7 Questions to Ask to Get the Most From API Manufacturing

Use this checklist to optimize project costs, timeline, and smooth the regulatory path

The pharmaceutical industry is rapidly changing.  Larger pharma companies have historically licensed late-stage drugs or acquired the companies developing them. While that is still occurring, increasingly, smaller pharma companies are striking out on their own.  In 2020, emerging biopharma companies developed and launched 40 percent of all new drugs that hit the U.S. market, a significant increase from five years ago, according to IQVIA.

Without the deep resources of big pharma, many of these companies are partnering with CDMOs with GMP facilities to scale and manufacture their active pharmaceutical ingredients (APIs). The ability to benefit from a CDMO team’s deep expertise also provides incentive for these collaborations.

Big pharma, for a variety of reasons, also continues to outsource projects to CDMOs, as when small batch manufacturing for a rare disease drug candidate would tie up a manufacturing line.

A checklist of key considerations for API manufacturing

Since there is no online dating service matching the growing number of pharmaceutical companies with CDMOs, sponsors rely on recommendations, specific expertise, and a history of industry awards.  Still, to find a good match for programs or long-term collaborations, here are 7 questions to ask a CDMO, and some of the key considerations when evaluating the responses, which can serve as a checklist.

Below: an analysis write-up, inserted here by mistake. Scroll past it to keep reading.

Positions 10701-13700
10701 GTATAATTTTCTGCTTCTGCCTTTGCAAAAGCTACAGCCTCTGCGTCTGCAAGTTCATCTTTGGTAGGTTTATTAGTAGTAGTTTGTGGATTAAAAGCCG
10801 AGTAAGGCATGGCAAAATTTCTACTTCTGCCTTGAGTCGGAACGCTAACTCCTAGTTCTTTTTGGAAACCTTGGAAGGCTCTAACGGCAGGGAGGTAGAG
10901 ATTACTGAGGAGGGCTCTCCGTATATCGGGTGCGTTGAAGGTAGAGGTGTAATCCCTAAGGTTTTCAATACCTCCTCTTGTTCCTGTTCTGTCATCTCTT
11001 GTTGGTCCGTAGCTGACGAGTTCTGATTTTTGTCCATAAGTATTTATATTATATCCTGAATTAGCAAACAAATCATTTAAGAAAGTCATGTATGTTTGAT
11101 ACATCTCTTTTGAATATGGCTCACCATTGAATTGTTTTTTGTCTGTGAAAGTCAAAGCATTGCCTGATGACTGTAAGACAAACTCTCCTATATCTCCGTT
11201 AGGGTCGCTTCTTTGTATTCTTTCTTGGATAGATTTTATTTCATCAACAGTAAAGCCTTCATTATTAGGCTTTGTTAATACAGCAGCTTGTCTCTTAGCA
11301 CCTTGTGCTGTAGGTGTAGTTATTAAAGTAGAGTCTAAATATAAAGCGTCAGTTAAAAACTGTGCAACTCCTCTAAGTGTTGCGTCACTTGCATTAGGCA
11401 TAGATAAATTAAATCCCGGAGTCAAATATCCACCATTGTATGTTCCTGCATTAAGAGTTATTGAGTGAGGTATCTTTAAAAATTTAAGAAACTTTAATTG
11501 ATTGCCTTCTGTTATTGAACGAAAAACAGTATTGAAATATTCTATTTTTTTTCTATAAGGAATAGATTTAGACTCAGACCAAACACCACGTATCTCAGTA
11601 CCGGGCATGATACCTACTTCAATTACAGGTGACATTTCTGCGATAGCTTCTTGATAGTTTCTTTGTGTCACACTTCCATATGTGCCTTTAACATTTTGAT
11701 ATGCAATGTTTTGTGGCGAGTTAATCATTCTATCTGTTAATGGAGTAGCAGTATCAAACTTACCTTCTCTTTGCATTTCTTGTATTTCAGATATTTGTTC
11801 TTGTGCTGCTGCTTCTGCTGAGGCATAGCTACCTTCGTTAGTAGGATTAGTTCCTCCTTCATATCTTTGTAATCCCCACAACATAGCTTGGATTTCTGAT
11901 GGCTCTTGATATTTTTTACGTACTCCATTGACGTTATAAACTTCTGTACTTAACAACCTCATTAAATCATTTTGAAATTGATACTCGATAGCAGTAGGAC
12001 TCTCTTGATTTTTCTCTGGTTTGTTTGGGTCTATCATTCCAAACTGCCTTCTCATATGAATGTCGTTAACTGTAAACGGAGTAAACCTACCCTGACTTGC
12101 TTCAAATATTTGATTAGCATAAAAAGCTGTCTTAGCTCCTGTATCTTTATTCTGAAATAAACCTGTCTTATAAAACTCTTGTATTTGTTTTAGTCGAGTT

1. What are the most important factors to consider when outsourcing API manufacturing to a CDMO?
    • The annual projected demand for the API.
    • Whether the CDMO can manufacture the necessary quantities, large or small. As a corollary, can the CDMO manufacture larger quantities if the need arises down the road?
    • The CDMO’s ability to produce commercial quantities of the API profitably.
    • Whether the highest cGMP standards are followed.
    • A long-term record of successful regulatory submissions.
  1. What is the fastest route to API manufacturing?
    • Know that the road from the R&D lab to the cGMP manufacturing suite is never simple or easy.
    • In most instances, given that the novelty of a drug substance being created for the first time, chemistry issues often arise due to today’s increasingly complex APIs. Keeping the molecules within specifications to meet FDA, EMA and ICH guidelines can break down at any step along the way.
    • The fastest route to successful API manufacturing is what precedes it – stellar R&D that is reproducible, scalable, well-documented, and garners regulatory approval without undue delays.
    • It is wise to refrain from going into the costly GMP manufacturing suite until completing scale up, which unearths any issues with the chemistry in a more cost-effective environment.